The waiting times can be massive if you are not insured. My Dad was reasonably lucky with his cancer surgery (he didn’t have much of a wait at all) but I suspect he would have received follow-up treatment a lot faster had he been privately insured. And I know I would still be waiting for surgery if I hadn’t been insured myself….

  2. Hugzilla says:

    Yeah, it’s one of those necessary evils that you will always regret not having if you ever need it, so we just suck it up as one of those essential costs (and we ain’t getting any younger either….)

  3. Ours just went up and it was a little bit of a blow to the budget.
    But every year we’ve found a good side of it, so we will hold on to it. Bridie had an ear surgery last year and we got out of that virtually unscathed thanks to private health.

    • Kirsty says:

      That’s it, isn’t it? I don’t know what I would have done if I’d ruputured my ACL without having health insurance. I certainly would not have made the progress I’ve made = I may have still been waiting for my operation…

  4. Great post – We’re always looking at how much we pay in various insurances and it’s a huge amount but this does make it seem worth sticking with it.

    • Kirsty says:

      I think it is worth the peace of mind but it can be hard to see that when it costs so much each year to keep it going. I’m glad this post helped you Alix.

  5. We had to make the choice between hospital cover and being able to afford daycare and daycare won out. I really want to get it again but it’s so freaking expensive! We had it when we had our first baby, and it ended up costing us over $5000 on top of the expensive hospital cover we were paying for at the time. Second time around we had got rid of the cover (we couldn’t afford it on one wage) and went public and it didn’t cost us a cent. That’s what really makes it hard to part with all of that cash. Also the fact that I have been with the same health fund since the day I was born (my health fund card literally has my joining date as my date of birth!) and the only time I have ever used it was to have said first child and we got nothing out of it, the only money we got back was from Medicare. So 34 years with the same fund, not using any of the hospital service except for once, you’d think I could get some kind of loyalty discount or cashback but no, and that really sticks in my craw. I know we need to have it, but it’s hard to reconcile the outlay, even though I know we are better to be safe than sorry. With the girls (and us!) getting older I know we are gonna need it some time in the future.
    Kylie Purtell recently posted..Ten {2016 52 week project} | Photography

    • Whoops, forgot to add, visiting on behalf of #teamIBOT today 🙂
      Kylie Purtell recently posted..Ten {2016 52 week project} | Photography

      • Kirsty says:

        It’s so unfair that you did not receive any reward for your loyalty over the years. It’s a tough call having to choose between childcare and healthcare. I have to confess I’ve only had health insurance for the last 10 years – I only got it when I had to (when I turned 30 and needed to avoid even higher premiums) – and I still regularly question it’s value. But it’s helped us undergo quite a few operations & procedures over the years that we would have waited a long time for or would have not been able to afford. So, on balance, it works for us.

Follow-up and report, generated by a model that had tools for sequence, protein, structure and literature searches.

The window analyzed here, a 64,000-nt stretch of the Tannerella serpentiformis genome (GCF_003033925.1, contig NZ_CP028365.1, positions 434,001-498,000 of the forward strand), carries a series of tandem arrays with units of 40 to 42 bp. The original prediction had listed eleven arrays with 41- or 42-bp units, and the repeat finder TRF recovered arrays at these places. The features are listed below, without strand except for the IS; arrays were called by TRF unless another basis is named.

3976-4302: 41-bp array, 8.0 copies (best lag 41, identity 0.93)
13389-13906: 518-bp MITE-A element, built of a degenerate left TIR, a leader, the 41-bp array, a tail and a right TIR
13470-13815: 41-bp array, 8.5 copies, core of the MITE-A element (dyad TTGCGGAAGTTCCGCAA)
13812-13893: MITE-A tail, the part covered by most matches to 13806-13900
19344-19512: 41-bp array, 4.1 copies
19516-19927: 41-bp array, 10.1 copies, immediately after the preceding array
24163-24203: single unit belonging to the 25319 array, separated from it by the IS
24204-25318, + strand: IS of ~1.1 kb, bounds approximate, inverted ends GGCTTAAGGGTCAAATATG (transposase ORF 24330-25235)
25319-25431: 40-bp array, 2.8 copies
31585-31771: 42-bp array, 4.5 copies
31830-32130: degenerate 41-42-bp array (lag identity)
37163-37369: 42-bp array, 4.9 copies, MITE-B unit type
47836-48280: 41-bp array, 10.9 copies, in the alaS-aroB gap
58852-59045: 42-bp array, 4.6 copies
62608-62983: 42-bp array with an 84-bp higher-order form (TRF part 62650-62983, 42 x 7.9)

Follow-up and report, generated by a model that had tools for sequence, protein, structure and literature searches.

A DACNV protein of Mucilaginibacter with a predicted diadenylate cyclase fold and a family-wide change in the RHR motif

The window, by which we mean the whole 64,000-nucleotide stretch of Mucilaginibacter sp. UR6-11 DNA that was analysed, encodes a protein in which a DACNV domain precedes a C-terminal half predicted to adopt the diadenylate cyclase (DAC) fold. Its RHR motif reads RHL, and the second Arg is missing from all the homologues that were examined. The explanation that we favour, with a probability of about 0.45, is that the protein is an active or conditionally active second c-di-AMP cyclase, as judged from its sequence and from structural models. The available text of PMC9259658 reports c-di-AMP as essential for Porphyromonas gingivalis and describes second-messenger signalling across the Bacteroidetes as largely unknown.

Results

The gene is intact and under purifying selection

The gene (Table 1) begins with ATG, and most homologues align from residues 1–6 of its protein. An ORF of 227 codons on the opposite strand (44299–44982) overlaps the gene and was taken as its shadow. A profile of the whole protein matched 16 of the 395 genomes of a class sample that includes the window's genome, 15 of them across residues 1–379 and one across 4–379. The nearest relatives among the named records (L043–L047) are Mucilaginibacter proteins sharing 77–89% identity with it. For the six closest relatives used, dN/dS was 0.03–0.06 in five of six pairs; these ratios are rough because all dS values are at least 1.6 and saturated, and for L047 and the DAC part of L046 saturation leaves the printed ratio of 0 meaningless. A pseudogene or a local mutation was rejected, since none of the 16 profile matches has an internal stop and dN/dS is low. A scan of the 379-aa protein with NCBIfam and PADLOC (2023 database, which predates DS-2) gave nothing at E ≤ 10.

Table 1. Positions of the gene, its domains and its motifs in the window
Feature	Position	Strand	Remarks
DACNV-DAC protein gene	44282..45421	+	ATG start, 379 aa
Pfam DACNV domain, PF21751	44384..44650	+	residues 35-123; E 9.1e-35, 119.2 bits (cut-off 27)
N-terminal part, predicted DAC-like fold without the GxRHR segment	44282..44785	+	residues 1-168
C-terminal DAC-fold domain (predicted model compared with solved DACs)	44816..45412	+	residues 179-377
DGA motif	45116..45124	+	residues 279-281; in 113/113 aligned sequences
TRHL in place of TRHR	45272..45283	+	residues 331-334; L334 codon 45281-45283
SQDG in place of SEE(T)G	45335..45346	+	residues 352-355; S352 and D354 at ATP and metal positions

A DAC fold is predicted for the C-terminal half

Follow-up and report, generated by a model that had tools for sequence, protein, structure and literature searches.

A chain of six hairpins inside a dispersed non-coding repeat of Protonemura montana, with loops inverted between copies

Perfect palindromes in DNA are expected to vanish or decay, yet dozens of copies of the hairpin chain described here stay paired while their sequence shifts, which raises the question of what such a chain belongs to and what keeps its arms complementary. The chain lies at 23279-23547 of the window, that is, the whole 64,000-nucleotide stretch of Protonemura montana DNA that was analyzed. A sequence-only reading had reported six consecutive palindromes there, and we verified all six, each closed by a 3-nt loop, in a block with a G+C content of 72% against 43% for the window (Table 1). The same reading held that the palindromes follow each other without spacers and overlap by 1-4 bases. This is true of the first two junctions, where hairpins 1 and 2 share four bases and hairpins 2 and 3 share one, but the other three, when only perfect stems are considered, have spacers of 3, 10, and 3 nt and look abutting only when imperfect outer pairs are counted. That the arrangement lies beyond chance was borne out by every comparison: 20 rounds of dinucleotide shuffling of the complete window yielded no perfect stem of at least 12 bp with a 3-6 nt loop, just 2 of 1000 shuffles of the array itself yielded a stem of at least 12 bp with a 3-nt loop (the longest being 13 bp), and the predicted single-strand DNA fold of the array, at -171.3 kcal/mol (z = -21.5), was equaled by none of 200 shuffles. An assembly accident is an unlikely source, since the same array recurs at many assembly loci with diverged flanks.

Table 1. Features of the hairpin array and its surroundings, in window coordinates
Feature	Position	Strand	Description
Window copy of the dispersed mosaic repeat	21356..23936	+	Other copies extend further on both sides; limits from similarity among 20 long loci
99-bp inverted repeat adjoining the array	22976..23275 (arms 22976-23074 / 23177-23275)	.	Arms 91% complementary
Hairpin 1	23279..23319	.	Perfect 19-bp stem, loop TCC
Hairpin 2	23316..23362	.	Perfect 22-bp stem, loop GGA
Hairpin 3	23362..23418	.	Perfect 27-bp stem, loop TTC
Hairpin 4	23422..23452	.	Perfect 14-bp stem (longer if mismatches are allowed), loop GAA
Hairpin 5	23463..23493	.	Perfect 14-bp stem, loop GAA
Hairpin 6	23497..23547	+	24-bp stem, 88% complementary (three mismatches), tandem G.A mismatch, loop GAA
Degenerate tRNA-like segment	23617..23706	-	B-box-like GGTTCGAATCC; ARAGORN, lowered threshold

6. Zita says:

    It angers me so much that the premium’s are going up AGAIN! I feel it is such a necessary evil and have literally just finished chatting to my health insurance to see if there is a way I can lower my premium and surprise surprise, there is not… And I used all my Chiro cover last month with still so many months until the end of the financial year… *sigh*

    • Kirsty says:

      That’s how I feel with my physio cover. Twice weekly and then weekly sessions over the last 6 months have used up nearly everything I had. But I would have been so much more out of pocket had I not had it so, on balance, it is worth it for me. But yes, it’s never fun when the premiums are always on the rise…

  7. Kirsty
    I get so frustrated with PHI. I personally need it for medical reasons and now it would seem for psychological ones. The real bug bear for me is that I can’t actually pick and choose what I need. We will never need pregnancy related services or sterility reversal services! But a higher level of cover for psychiatric care would be helpful in mid range cover. Even with the extras there are things that we will NEVER use. I wish there was a way to be able to go through and tick the things we need and the things we don’t.
    The other thing that bugs me is it is extremely difficult to compare policies. Some policies have a per family limit of 4 and others have a per person limit which when you have a family of 5 or more is far more helpful than a family limit. Arggghhhh goodness it is all so confusing! I guess this is what hubby, my dad and I will be doing over Easter. The reality is the companies offer no loyalties to customers regardless of how long they have been customers.
    Thank you again for writing this and the things to consider!
    Cat@lifethroughthehaze recently posted..Raindrops on roses …

    • Kirsty says:

      I love the idea of being able to pick the type of extras cover you need, as well as the level required. That’s something the health funds should definitely consider in future. If I were you I’d use a service like Health Insurance Comparison to compare policies – it’s too hard to do it on your own, especially over the long weekend when you should be enjoying some family time instead x

  8. These are great tips – we saved heaps of money reviewing our policy. Even with all the price hikes and changes in legislation, we’d never drop our PHI. After two cancer diagnoses and one stroke between us, we view it as a necessity rather than a luxury. Even if we never have to use it again (touch wood!) it gives me comfort knowing it’s there.